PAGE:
These findings could have important implications for worldwide dietary advice to substitute omega-6 linoleic acid (or polyunsaturated fatty acids in general) for saturated fatty acids. The key is the use of Omega-3 acid, which has EPA and DHA ; in PUFA that has a good content of Omega 3 FA does not increase the death from coronary heart disease.

Read the full article at this link:

Alzheimer plaques reduced by vitamin D and DHA

February 21st, 2013

The February 5, 2013 issue of the Journal of Alzheimer’s Disease published the finding of researchers at the University of California, Los Angeles that active forms of vitamin D3 and docosahexaenoic acid (DHA) improve the ability of immune cells known as macrophages to clear amyloid-beta, a toxic protein that occurs in elevated amounts in the brains of Alzheimer’s disease patients.

Milan Fiala and his colleagues “suggest that low vitamin D3 and docosahexaenoic acid intake and/or poor anabolic production of 1,25D3/resolvin D1 in peripheral blood mononuclear cells could contribute to Alzheimer’s disease onset/pathology.”

The team isolated macrophages from the blood of individuals with Alzheimer’s disease and healthy control subjects and incubated them with amyloid-beta prior to administering 1alpha, 25-dihydroxyvitamin D3 (1,25D3) or resolvin D1, an active form of DHA. While both nutrients increased the macrophages’ ability to remove amyloid-beta and decrease amyloid-beta-induced cell death, they did so by utilizing different receptors.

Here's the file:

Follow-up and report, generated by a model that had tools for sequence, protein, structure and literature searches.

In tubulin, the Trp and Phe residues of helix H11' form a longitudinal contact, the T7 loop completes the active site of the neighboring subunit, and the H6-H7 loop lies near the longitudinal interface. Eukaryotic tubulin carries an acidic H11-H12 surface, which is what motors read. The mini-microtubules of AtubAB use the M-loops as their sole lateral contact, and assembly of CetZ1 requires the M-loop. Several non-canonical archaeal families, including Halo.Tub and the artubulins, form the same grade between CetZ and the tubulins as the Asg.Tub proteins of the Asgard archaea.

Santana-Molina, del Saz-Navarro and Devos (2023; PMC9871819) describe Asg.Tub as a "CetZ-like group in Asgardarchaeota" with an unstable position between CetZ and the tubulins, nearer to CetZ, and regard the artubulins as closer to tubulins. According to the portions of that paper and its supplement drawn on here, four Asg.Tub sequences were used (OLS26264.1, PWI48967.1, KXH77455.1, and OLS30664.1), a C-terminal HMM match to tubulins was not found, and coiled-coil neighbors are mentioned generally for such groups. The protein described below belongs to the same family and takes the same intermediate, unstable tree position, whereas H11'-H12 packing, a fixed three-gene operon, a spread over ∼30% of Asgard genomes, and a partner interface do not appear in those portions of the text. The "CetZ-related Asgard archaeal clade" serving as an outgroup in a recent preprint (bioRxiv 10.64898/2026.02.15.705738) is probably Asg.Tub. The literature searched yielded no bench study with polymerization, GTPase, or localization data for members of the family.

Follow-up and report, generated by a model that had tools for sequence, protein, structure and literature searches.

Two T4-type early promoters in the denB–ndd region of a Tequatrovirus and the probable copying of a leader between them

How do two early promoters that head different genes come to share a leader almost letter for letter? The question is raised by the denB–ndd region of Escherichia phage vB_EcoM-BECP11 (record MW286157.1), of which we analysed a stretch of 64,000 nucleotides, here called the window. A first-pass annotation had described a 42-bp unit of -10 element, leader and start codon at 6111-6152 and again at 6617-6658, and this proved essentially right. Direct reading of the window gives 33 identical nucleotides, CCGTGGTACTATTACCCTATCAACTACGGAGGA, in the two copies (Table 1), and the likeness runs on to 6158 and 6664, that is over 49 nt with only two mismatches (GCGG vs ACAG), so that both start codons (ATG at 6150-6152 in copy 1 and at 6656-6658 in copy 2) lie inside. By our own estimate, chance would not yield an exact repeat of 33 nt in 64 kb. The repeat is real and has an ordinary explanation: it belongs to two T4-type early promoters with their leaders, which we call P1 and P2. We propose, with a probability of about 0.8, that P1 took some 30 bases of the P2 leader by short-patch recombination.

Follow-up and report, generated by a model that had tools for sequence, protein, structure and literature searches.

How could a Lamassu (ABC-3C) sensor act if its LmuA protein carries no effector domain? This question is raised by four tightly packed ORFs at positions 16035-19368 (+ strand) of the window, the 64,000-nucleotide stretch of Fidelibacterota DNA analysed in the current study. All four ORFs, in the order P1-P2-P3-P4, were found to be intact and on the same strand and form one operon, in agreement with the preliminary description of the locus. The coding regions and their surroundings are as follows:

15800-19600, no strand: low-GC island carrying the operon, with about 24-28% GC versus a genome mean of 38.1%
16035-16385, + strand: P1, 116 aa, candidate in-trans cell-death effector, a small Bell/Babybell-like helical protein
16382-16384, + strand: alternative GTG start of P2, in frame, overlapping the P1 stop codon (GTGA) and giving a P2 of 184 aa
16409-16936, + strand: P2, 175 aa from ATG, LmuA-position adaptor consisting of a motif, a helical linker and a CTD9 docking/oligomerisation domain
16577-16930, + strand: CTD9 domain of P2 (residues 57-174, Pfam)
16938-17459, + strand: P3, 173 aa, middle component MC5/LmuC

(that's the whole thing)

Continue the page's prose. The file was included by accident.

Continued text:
The authors observe that macrophages from Alzheimer’s disease patients express inflammatory genes in different ways than the controls and that transcription of specific inflammatory genes is increased or decreased in these patients. “Further study may help us identify if these two distinct transcription patterns of inflammatory genes could possibly distinguish either two stages or two types of Alzheimer’s disease,” remarked coauthor Mathew Mizwicki.

“Our new study sheds further light on a possible role for nutritional substances such as vitamin D3 and omega-3 in boosting immunity to help fight Alzheimer’s,” Dr Fiala stated. “We may find that we need to carefully balance the supplementation with vitamin D3 and omega-3 fatty acids, depending on each patient in order to help promote efficient clearing of amyloid-beta. This is a first step in understanding what form and in which patients these nutrition substances might work best.”

Obesity can lead to vitamin D deficiency

February 6th, 2013

obesityTUESDAY Feb. 5, 2013 — Obesity can lead to vitamin D deficiency, a new study indicates.

British researchers looked at data from about 165,000 people, and found that a 10 percent rise in body-mass index (BMI) was linked with a 4 percent drop in concentrations of vitamin D in the body. BMI is a measurement of body fat based on height and weight.

The link between BMI and vitamin D levels was found in men and women, as well as in younger and older people, the investigators noted.